In a recent Huffington Post piece ("When Charity That Begins At Home, Wrecks the Home"), I wrote how the US Sugar Corporation -- controlled by an IRS tax-exempt foundation -- is a principal meddler in local, state, and national politics. One aim of the foundation is to protect fresh water resources. The aim of the corporation: to shift most of the cost of cleaning up its pollution to taxpayers. It is a sweet deal for the Charles Stuart Mott Foundation and US Sugar Corporation that depends on GOP officials toeing the party line: protect Big Sugar subsidies and profits. Meanwhile, property values and quality of life of Floridians on both coasts of Florida are being used as sacrifice zones. It's a formula that fits as neatly into the back pocket of Big Sugar as does Marco Rubio, whose main support comes from Big Sugar billionaires including US Sugar. Florida Republicans, please don't vote for Marco Rubio.
(Photos below: protesters demonstrating against the Mott Foundation at a recent Miami meeting of the national Environmental Grant-Makers Association.)
The Chronicle of Philanthropy
NEWS AND ANALYSIS
MARCH 04, 2016
Effort to Shame Mott Foundation Is Well-Timed, Expert Says
The Everglade Trust criticized the Charles Stewart Mott Foundation for not using its influence at U.S. Sugar to make changes to farming practices that can improve the health of the Everglades.
By Ben Gose
The Everglades Trust’s attempts to publicly shame the Charles Stewart Mott Foundation during a prominent environmental grant-making conference don’t appear to have elicited any immediate response from the foundation, but that doesn’t mean the effort was a failure, one philanthropy expert says.
The $2.8 billion Mott Foundation lists the environment, including "addressing the freshwater challenge," as one of its grant-making priorities. But the foundation’s chairman, William S. White, also serves as board chairman for U.S. Sugar, a Florida company that Everglades advocates say has contributed to the degradation of the area.
The Everglades Trust, which focuses on restoration, took out full-page ads in The New York Times on Tuesday and in the Miami Herald on Wednesday, calling it "baffling and ironic" that Mott has not used its influence at U.S. Sugar to make changes to farming practices that would improve the health of the Everglades.
Lisa Ranghelli, director of foundation assessment at the National Committee for Responsive Philanthropy, says the Everglades Trust made a smart move in publicizing the dispute after years of trying and failing to secure a meeting with Mr. White.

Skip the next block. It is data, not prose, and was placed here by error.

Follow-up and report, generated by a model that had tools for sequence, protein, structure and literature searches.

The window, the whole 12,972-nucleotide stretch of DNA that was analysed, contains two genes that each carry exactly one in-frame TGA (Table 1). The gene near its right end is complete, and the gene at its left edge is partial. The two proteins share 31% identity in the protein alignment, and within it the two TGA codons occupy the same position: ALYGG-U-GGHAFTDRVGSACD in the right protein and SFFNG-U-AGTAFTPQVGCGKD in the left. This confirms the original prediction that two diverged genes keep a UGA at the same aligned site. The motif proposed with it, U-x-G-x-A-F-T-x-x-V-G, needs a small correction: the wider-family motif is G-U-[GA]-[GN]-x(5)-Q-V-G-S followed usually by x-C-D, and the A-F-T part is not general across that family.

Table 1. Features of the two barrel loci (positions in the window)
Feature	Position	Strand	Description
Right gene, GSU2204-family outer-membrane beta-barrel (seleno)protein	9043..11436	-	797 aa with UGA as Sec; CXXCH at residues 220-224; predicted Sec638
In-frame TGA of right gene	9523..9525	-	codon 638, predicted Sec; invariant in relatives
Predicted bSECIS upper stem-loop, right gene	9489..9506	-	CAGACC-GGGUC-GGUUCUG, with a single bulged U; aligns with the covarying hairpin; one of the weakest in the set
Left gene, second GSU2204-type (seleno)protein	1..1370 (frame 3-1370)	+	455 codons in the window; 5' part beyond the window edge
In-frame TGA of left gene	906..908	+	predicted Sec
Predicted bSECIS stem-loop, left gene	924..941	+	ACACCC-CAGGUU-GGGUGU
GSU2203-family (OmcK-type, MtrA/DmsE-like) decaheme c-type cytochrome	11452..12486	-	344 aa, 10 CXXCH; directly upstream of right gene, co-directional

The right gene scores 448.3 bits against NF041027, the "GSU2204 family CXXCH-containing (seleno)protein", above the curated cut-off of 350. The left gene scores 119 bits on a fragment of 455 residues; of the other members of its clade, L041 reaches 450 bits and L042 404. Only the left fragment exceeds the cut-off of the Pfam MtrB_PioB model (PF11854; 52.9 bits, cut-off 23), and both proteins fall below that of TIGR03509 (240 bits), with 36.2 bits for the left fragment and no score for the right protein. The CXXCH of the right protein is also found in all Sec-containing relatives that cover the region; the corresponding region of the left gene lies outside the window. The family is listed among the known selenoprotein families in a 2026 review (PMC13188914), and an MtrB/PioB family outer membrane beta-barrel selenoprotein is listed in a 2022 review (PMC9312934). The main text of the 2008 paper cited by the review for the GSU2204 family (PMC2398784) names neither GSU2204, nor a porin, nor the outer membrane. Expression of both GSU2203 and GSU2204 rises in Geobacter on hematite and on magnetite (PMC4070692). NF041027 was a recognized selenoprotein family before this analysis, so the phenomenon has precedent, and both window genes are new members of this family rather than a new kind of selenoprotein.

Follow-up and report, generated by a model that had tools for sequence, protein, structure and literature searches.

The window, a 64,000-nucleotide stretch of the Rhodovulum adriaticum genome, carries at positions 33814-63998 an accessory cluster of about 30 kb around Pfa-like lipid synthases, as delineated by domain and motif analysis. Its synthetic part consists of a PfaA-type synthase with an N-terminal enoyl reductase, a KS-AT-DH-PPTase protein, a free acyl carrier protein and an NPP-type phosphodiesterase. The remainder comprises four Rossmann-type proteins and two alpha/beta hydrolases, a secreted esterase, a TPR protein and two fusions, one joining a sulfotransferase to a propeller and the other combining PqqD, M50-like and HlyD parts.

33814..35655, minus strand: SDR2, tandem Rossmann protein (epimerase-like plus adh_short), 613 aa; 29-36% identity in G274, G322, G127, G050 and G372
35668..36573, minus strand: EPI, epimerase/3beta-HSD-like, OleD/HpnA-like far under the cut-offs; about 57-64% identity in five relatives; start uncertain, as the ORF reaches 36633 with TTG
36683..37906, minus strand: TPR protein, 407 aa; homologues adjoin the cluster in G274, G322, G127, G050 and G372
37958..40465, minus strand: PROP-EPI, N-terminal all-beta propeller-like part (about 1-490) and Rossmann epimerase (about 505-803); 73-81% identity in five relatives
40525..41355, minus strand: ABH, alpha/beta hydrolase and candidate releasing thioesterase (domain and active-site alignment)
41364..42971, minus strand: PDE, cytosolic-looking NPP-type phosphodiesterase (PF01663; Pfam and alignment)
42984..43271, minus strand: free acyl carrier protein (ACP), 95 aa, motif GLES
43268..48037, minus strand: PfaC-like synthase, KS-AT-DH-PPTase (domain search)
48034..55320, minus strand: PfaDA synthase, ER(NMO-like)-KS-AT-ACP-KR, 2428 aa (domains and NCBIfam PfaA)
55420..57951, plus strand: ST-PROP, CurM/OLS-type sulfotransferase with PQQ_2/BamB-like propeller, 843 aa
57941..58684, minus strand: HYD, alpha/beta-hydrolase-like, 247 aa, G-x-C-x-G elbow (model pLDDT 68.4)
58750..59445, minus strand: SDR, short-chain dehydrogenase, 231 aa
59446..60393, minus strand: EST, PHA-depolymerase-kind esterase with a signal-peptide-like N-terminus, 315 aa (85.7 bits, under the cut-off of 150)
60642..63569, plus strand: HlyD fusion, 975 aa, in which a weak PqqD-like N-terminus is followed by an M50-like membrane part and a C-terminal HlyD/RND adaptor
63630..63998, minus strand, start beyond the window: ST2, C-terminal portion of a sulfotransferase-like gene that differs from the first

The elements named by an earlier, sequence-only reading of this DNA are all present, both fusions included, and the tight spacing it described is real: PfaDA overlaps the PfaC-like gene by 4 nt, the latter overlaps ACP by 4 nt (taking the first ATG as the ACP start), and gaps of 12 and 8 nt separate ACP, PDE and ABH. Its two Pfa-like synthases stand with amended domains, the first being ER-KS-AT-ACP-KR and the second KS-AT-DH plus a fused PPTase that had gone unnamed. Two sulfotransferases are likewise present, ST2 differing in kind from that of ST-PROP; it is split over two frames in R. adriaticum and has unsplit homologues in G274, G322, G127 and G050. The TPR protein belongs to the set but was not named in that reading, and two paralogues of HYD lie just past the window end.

"Foundations aren’t accustomed to being called out in a public way — it’s not part of the culture of philanthropy," Ms. Ranghelli says. "I think it’s very refreshing. I hope more people feel emboldened to call out foundations when they undermine their impact with the investments they make."
Twice in the past two years, protesters have gathered outside the offices of the Bill & Melinda Gates Foundation, in Seattle, to call on the company to divest investments — in 2014 of its holdings in a private prison and in 2015 of its holdings in fossil-fuel companies.
Mott officials didn’t return The Chronicle's phone calls. U.S. Sugar officials say they have met with the Everglades Trust multiple times in the past and that sugar farmers have given up nearly 120,000 acres of land to assist with restoration efforts.
Mary Barley, president of the Everglades Trust, says her group timed the ads — which were structured as an open letter to Mr. White — to coincide with the Environmental Grantmakers Association meeting in Miami this week. A Mott staff member serves on the association’s board.
"How dare they come here to an environmental grant-makers conference and act like they’re doing the right thing when they’re not," says Ms. Barley. "If their peers don’t care, OK, but there are a lot of people in Florida who do care."
Ms. Ranghelli says the ads were well timed. "Foundations do care about what their peers think," she says.
The ad also puts pressure on the Environmental Grantmakers Association to devote more attention to the broader issue of foundations holding investments that may subvert grant-making goals, she says.
"I hope that any funder affinity group would use something like this as an opportunity to have an open conversation," Ms. Ranghelli says. "It doesn’t mean that they have to call out a peer. But they could arrange for an open conversation around the question, ‘What does it meant to have investments that may work against our values and our mission?’"
That topic wasn’t on the agenda for the Miami meeting that ended Wednesday, and it wasn’t clear whether the topic came up informally. The Chronicle's calls to Environmental Grantmakers weren’t immediately returned.